Solar cell boasts world record 44.7% efficiency
Back in May 2013, the German-French team of Fraunhofer ISE, Soitec, CEA-Leti and the Helmholtz Centre Berlin had announced a solar cell with 43.6 per cent efficiency. Building on this result, further intensive research work and optimisation steps led to the present efficiency of 44.7 per cent.
These solar cells are used in concentrator photovoltaics (CPV), a technology that achieves more than twice the efficiency of conventional PV power plants in sun-rich locations. The terrestrial use of so-called III-V multi-junction solar cells, which originally came from space technology, has prevailed to realise highest efficiencies for the conversion of sunlight to electricity. In this multi-junction solar cell, several cells made out of different III-V semiconductor materials are stacked on top of each other. The single subcells absorb different wavelength ranges of the solar spectrum.
"We are incredibly proud of our team which has been working now for three years on this four-junction solar cell," said Frank Dimroth, department head and project leader in charge of this development work at Fraunhofer ISE. "This four-junction solar cell contains our collected expertise in this area over many years. Besides improved materials and optimisation of the structure, a new procedure called wafer bonding plays a central role. With this technology, we are able to connect two semiconductor crystals, which otherwise cannot be grown on top of each other with high crystal quality. In this way we can produce the optimal semiconductor combination to create the highest efficiency solar cells."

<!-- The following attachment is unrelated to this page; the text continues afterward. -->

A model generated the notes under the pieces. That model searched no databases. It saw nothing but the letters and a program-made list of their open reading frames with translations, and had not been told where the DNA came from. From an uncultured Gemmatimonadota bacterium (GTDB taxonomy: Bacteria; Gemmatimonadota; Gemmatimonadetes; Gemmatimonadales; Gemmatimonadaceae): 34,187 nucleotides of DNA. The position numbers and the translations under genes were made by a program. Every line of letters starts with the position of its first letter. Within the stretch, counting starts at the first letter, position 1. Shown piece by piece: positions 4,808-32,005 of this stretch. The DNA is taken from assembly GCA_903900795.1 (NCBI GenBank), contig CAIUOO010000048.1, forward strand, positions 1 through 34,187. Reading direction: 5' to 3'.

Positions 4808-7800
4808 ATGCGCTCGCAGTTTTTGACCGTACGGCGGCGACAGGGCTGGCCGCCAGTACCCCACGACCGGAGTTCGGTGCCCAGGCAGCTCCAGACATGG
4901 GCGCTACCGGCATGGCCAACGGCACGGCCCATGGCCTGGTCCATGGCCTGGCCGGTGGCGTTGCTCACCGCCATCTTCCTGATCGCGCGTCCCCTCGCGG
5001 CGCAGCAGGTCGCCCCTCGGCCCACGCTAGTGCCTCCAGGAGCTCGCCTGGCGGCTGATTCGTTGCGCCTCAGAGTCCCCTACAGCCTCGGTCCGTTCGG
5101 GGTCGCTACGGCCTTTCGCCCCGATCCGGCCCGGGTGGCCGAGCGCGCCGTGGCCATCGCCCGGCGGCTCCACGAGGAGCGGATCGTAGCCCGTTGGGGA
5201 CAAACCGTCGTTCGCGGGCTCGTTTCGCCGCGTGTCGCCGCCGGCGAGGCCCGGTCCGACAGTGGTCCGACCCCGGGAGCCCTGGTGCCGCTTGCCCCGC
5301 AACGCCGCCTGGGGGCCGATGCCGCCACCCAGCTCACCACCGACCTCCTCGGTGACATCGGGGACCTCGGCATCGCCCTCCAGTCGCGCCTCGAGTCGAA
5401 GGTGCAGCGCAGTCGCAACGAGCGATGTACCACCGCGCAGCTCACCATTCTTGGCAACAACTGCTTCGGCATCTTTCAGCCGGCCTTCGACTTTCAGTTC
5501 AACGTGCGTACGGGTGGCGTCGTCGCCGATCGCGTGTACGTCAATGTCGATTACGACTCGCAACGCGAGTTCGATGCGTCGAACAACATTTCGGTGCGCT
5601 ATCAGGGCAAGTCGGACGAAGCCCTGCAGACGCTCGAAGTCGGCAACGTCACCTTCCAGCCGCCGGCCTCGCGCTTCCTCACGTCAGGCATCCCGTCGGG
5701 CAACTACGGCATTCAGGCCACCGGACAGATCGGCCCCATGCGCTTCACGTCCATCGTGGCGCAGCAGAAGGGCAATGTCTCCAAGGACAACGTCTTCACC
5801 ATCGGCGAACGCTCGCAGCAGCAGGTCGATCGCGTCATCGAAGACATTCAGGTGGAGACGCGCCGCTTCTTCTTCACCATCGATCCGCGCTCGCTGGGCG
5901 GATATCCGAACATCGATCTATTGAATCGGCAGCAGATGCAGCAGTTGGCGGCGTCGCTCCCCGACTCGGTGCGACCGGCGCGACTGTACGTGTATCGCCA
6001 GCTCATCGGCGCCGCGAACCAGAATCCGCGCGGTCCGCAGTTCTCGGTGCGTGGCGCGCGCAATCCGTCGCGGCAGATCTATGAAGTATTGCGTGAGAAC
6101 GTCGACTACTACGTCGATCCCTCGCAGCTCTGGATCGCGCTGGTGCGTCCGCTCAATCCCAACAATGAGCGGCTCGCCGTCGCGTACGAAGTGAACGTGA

"This new record value reinforces the credibility of the direct semiconductor bonding approaches that is developed in the frame of our collaboration with Soitec and Fraunhofer ISE. We are very proud of this new result, confirming the broad path that exists in solar technologies for advanced III-V semiconductor processing," said Leti CEO Laurent Malier.
Concentrator modules are produced by Soitec (started in 2005 under the name Concentrix Solar, a spin-off of Fraunhofer ISE). This particularly efficient technology is employed in solar power plants located in sun-rich regions with a high percentage of direct radiation.